1. ITV Report

'Heartbreaking' number of children go hungry in school holidays, teachers say

Teachers demand urgent action to tackle hunger among children. Credit: PA

The number of children who are going hungry at home has reached "heartbreaking" levels, the main teaching union has warned.

Four out of five teachers reported a rise in "holiday hunger" among children on free lunches whose families struggle to afford to feed them three meals a day through the holidays, a survey by the National Union of Teachers (NUT) found.

More than one-third (37%) said they saw pupils returning after the school holidays showing signs of being malnourished after starving for extended periods.

A total of 78% also reported children were arriving at class hungry, the union said.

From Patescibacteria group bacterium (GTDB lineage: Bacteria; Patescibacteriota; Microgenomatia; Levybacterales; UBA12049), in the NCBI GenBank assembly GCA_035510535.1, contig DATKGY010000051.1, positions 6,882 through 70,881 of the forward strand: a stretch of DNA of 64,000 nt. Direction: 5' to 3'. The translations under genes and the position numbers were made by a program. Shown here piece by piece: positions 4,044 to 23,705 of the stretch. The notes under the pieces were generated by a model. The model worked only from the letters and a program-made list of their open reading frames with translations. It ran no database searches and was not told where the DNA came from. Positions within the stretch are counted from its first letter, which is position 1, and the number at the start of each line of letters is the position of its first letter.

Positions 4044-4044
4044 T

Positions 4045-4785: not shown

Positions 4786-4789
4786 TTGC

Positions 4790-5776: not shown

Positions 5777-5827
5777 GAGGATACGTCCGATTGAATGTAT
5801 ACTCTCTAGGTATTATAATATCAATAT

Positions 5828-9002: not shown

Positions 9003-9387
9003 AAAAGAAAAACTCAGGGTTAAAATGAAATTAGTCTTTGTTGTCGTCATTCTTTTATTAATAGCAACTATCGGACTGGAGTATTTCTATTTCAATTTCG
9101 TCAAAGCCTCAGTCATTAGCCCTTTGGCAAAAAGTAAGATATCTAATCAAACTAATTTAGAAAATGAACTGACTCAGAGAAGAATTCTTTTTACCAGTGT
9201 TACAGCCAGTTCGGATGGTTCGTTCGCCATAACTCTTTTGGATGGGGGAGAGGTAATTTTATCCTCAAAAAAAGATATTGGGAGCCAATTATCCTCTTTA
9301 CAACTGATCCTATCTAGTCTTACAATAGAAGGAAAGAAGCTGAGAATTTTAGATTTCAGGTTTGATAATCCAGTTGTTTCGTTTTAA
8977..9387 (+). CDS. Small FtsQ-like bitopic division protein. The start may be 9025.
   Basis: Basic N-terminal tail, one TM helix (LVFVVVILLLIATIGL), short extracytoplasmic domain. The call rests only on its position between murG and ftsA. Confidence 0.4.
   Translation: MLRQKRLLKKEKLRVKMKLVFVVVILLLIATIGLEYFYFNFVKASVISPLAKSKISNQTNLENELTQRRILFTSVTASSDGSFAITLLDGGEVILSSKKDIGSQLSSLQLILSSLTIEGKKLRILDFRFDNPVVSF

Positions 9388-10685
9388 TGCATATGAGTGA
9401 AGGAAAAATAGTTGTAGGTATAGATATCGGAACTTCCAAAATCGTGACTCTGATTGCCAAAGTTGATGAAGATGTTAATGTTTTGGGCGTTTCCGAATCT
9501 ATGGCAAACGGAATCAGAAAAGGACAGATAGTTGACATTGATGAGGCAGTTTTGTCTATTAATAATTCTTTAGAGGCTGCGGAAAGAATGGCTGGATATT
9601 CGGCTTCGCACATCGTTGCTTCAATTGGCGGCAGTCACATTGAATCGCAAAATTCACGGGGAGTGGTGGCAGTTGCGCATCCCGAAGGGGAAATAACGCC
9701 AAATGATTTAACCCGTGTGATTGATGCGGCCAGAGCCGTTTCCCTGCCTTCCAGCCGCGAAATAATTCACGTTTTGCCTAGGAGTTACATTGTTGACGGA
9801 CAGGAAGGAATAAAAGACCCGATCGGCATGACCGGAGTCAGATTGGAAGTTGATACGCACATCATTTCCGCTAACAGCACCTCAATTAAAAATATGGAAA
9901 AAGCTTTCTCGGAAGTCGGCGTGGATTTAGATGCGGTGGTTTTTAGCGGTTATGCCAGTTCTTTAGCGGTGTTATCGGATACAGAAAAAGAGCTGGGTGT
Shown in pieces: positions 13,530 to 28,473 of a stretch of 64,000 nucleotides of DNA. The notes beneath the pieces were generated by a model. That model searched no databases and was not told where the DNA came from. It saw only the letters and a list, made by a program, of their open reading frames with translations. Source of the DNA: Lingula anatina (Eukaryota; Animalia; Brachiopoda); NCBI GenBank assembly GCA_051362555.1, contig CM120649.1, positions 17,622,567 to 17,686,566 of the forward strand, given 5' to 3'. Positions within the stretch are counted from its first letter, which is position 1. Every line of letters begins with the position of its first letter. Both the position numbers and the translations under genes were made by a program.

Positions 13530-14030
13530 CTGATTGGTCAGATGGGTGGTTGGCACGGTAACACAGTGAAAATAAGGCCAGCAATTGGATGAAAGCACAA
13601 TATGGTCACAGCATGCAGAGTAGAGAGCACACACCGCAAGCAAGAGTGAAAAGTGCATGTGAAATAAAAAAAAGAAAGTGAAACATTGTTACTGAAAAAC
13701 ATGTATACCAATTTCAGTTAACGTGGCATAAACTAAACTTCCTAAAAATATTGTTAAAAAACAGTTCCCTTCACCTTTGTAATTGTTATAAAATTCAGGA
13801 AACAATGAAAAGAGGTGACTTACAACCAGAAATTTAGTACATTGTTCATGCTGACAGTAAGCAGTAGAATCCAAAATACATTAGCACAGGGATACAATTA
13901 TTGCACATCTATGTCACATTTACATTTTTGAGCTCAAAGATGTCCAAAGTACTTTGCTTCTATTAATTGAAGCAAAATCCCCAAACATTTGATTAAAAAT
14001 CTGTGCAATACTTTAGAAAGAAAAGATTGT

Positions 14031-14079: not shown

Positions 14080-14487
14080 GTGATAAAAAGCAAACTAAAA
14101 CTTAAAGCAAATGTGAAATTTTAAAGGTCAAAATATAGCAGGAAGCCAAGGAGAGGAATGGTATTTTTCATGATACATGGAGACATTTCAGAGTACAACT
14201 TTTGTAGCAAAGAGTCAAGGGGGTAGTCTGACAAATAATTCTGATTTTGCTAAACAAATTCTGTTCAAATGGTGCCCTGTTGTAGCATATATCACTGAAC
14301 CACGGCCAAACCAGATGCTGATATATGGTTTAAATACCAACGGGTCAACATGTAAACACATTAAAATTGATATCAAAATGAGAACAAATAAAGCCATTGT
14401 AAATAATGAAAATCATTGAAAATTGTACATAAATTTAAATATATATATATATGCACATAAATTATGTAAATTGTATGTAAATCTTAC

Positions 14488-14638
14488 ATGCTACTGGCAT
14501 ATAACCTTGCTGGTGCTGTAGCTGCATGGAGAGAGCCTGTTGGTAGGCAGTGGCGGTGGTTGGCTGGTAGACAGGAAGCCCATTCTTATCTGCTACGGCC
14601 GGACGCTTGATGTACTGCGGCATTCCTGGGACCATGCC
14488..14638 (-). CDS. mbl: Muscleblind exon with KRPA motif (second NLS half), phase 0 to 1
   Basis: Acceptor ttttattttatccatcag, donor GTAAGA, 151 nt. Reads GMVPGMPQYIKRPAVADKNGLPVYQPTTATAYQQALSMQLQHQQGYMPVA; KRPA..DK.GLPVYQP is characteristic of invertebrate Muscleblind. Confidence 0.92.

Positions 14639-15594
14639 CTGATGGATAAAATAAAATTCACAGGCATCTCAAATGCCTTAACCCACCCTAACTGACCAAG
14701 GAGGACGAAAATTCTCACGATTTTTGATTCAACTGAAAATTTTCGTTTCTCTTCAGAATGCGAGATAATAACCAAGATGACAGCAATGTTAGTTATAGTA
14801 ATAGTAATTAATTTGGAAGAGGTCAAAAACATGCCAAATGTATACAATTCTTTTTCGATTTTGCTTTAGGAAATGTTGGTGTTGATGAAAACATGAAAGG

Kevin Courtney, NUT general secretary, said the findings should be a source of shame in modern Britain.

These are heart-breaking findings which lay bare the terrible impact of poverty on the lives and educational experiences of many children.

This situation should not be tolerated at all, let alone be allowed to persist in the sixth richest economy in the world.

As this survey demonstrates, teachers are acutely aware of the distressing effects of poverty on the children they teach.

When children come to school hungry or malnourished, this has a negative impact on their physical and mental well-being and it also impairs their ability to learn by reducing their ability to concentrate.

– Kevin Courtney, NUT General Secretary

Almost seven in ten teachers (69%) said that pupils' social well-being was negatively affected by holiday hunger, while more than half (57%) of the 600 surveyed said their physical health was impacted.

Mr Courtney called on the Government to take "urgent action" to tackle the problem including extra support for families to tackle holiday hunger.

Around 30% of children are estimated to be on free school meals, considered a key indicator of poverty.